USDA Secretary Vilsack Highlights Cover Crop and Climate Change Solutions
June 6th, 2013
Yesterday, speaking at the National Press Club, USDA Secretary Vilsack addressed the present and future challenges in agriculture brought on by our changing climate – challenges “new and different than anything we’ve ever tackled.” The Secretary recognized the unique regional challenges that farmers and ranchers are experiencing around the country – extreme precipitation in the Northeast, drought in the West and Southwest, and increasing temperatures across the board – and emphasized the need to adapt to these, and other, climate change effects. The Secretary additionally recognized agriculture’s potential to mitigate greenhouse gas (GHG) emissions, in particular by storing (or sequestering) carbon in soils.
In his speech, the Secretary announced three new measures that USDA will take to help farmers toward these goals: (1) Regional Climate Hubs, (2) NRCS Soil Carbon Management and Evaluation Tools, and (3) Cover Crop Guidelines.
Regional Climate Hubs
Through Regional Climate Hubs, USDA aims to help farmers, ranchers, and forest landowners develop adaptation strategies by providing regionally-specific risk and vulnerability assessments. These Hubs will likely be located in existing USDA service centers, but may also operate in collaboration with Land Grand and Public Universities, Extension offices, and Agricultural Experiment Stations to improve forecasting and develop and provide science-based risk management tools.
NRCS Soil Carbon Tools
This measure focuses on two new online tools relating to agriculture’s ability to sequester carbon in the soil. The first tool is an online database that provides access to the results of NRCS’ Rapid Carbon Assessment – a soil survey containing over 144,000 samples at 6,000 locations across the country. This tool is geared toward scientists and researchers looking to investigate regional variations in soil carbon, land use, and management and conservation practices.
The second tool – the Carbon Management and Evaluation Tool (or “COMET-Farm”) – provides an online platform for farmers to analyze the GHG footprint of their operations. Using COMET-Farm, farmers can input information on their specific operation and management practices and then generate an analysis of the GHG emissions and carbon sequestration that could result by implementing various conservation practices.
The third measure is the result of an inter-agency project among USDA’s NRCS, Risk Management Agency (RMA), and Farm Service Agency (FSA) to establish guidelines for terminating cover crops while retaining eligibility for RMA and FSA programs. In addition to carbon sequestration, cover crops provide other benefits, such as preventing erosion and improving soil health, yet crop insurance and commodity payment programs have been structured in a way that discourage farmers from planting cover crops. NRCS, RMA, and FSA – together with stakeholders, universities, and industry groups – developed a science-based guidance to provide consistency across USDA programs and assurance to farmers who want to plant cover crops and remain eligible for crop insurance and commodity program payments.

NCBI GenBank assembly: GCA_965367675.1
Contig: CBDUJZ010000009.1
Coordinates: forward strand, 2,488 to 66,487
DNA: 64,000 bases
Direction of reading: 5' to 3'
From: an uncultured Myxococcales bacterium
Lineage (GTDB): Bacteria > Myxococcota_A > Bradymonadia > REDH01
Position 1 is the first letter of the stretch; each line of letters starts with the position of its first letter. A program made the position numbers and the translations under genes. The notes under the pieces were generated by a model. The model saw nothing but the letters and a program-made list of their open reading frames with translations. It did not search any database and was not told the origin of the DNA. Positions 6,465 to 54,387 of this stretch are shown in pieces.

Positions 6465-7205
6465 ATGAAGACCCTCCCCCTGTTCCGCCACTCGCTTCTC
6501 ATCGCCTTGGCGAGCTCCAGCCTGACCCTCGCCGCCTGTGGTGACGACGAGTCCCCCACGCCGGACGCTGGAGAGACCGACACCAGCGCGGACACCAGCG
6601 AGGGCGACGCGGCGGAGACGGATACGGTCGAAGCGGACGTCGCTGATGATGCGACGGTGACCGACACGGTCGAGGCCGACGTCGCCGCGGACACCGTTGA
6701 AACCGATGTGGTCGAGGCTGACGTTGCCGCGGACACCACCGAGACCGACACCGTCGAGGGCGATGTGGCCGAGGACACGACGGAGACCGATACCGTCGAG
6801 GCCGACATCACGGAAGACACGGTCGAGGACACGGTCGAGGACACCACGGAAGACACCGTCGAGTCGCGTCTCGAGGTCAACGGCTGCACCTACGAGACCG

Under existing RMA and FSA rules, producers risk losing access to crop insurance and some commodity support programs if they fail to terminate planted cover crops by a certain date. However, the dates and rules relating to termination have been inconsistent both within and across regions. FSA and RMA regional offices have periodically issued special provisions to modify termination dates. While the new USDA inter-agency guidance recommends cover crop kill dates across four zones, it will not officially apply to crop insurability until RMA releases its own rules.
A More Sustainable Agriculture
As NSAC has noted in our Agriculture and Climate Change Position Paper and in letters to Congress, not only do sustainable and organic agricultural systems offer the most resilience for agricultural production in the face of increasingly uncertain regional climate effects, but these practices can also mitigate GHGs. Sustaining and expanding programs that support diversified sustainable and organic agriculture and additional conservation measures – including preventing erosion and wetland draining by re-linking conservation requirements to crop insurance subsidies – as well as investing in on-farm energy efficiency and appropriate renewable energy generation, will improve farmers’ and ranchers’ ability to focus on adaptation while providing mitigation benefits as well.